In the UK, there are around 7.6 million people living with a heart or circulatory disease, so it is fairly common. Regardless of this number, however, there are plenty of misconceptions and myths surrounding heart failure and related heart conditions. In fact, the truth might surprise you. Keep reading for some information on some of the most common heart failure misconceptions.

Heart failure does not mean your heart has stopped working

The use of ‘failure’ can be misleading, and while it may suggest that the heart has failed or stopped completely this is not necessarily the case. 

Heart failure sometimes known as congestive heart failure or CHF — occurs when the heart is unable to pump blood around the body as well as it should be. Heart failure is a chronic and progressive condition so it will worsen over time. So in answer to the question can congestive heart failure kill you, the short answer is yes but in reality, there is much more to it.

Can fluid around the heart kill you?

When dealing with congestive heart failure issues, the muscles around the heart are weakened, so the pumping power is lower than would be typically expected. Over time, this leads to a fluid build-up around the heart which then can lead to inefficient pumping. The longer these congestive heart issues go untreated, the more likely you are to develop serious health problems.

Can heart failure be controlled?

A number of treatments and medications have been developed to help control heart failure, its after-effects, and its symptoms.

Some of the most common treatments are an exercise-based cardiac rehabilitation program, medication to relax the blood vessels, beta-blockers, or even surgery.

Surgery can involve implanting a  pace regulating device such as a pacemaker or in some cases, heart bypass surgery. 

You can live normally with heart failure

The treatments listed above can help you live with heart failure, and in many cases, people return to their normal lives with only minor changes to accommodate their illness. 

Lifestyle and behavioural changes may be required to reduce strain on the heart, however, most people can continue with activities of daily living. 

Simple accommodations such as a healthier diet and regular, gentle exercise can help with managing symptoms and returning to normal life.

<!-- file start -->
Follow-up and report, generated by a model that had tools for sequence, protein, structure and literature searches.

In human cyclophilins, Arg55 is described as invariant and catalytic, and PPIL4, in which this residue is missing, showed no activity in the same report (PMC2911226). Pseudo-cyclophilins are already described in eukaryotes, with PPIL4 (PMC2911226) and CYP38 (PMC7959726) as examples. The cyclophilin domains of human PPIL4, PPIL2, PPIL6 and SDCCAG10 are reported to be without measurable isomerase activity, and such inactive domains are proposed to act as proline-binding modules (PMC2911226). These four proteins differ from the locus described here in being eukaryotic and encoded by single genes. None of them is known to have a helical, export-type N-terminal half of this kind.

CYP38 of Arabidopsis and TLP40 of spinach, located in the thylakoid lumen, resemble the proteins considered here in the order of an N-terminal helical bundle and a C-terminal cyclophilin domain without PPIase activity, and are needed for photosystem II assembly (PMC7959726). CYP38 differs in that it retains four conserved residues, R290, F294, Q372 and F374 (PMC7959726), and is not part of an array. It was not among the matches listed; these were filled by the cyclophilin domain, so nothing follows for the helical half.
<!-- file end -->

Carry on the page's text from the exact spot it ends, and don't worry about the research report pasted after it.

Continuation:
You can develop heart failure without having a heart attack 

One of the main misconceptions about heart failure is that it is a result of having a heart attack. While this can be true in some cases, this is not causal.

Experiencing a heart attack may make you more susceptible to heart failure, however, it is still possible to develop heart failure without having had a  heart attack first. 

The most common causes of heart failure are high blood pressure, cardiomyopathy, congenital heart problems, and arrhythmia, just to name a few. 

Heart Failure is often linked to other comorbidities, increasing overall health risks. For example, did you know that people with a family history of coronary heart disease are much more likely to develop vascular dementia?

Signs of heart failure can be very subtle

Some of the key signs of heart failure are overlooked because of widespread misconceptions. The symptoms leading up to heart failure may seem surprisingly subtle.

Key symptoms are: 

  • Increasing trouble breathing while lying down or resting
  • Shortness of breath during everyday activities
  • Swollen ankles or feet  
  • Unprecedented weight gain in ankles, legs, stomach or feet.
  • General tiredness or fatigue 

According to the NHS, those that experience Heart Failure can greatly benefit from care services, especially if they are particularly frail or vulnerable following their injury. 

At Care 24/7 we offer Post-Operative & Convalescent Care to help aid recovery after an operation or serious injury. While everyone hopes that they will recover easily and quickly, home support is often vital to achieving that easy recovery.

Let us help you choose the right care for your loved one. Get in touch today with us today for expert advice and a free, no-obligation, care assessment service.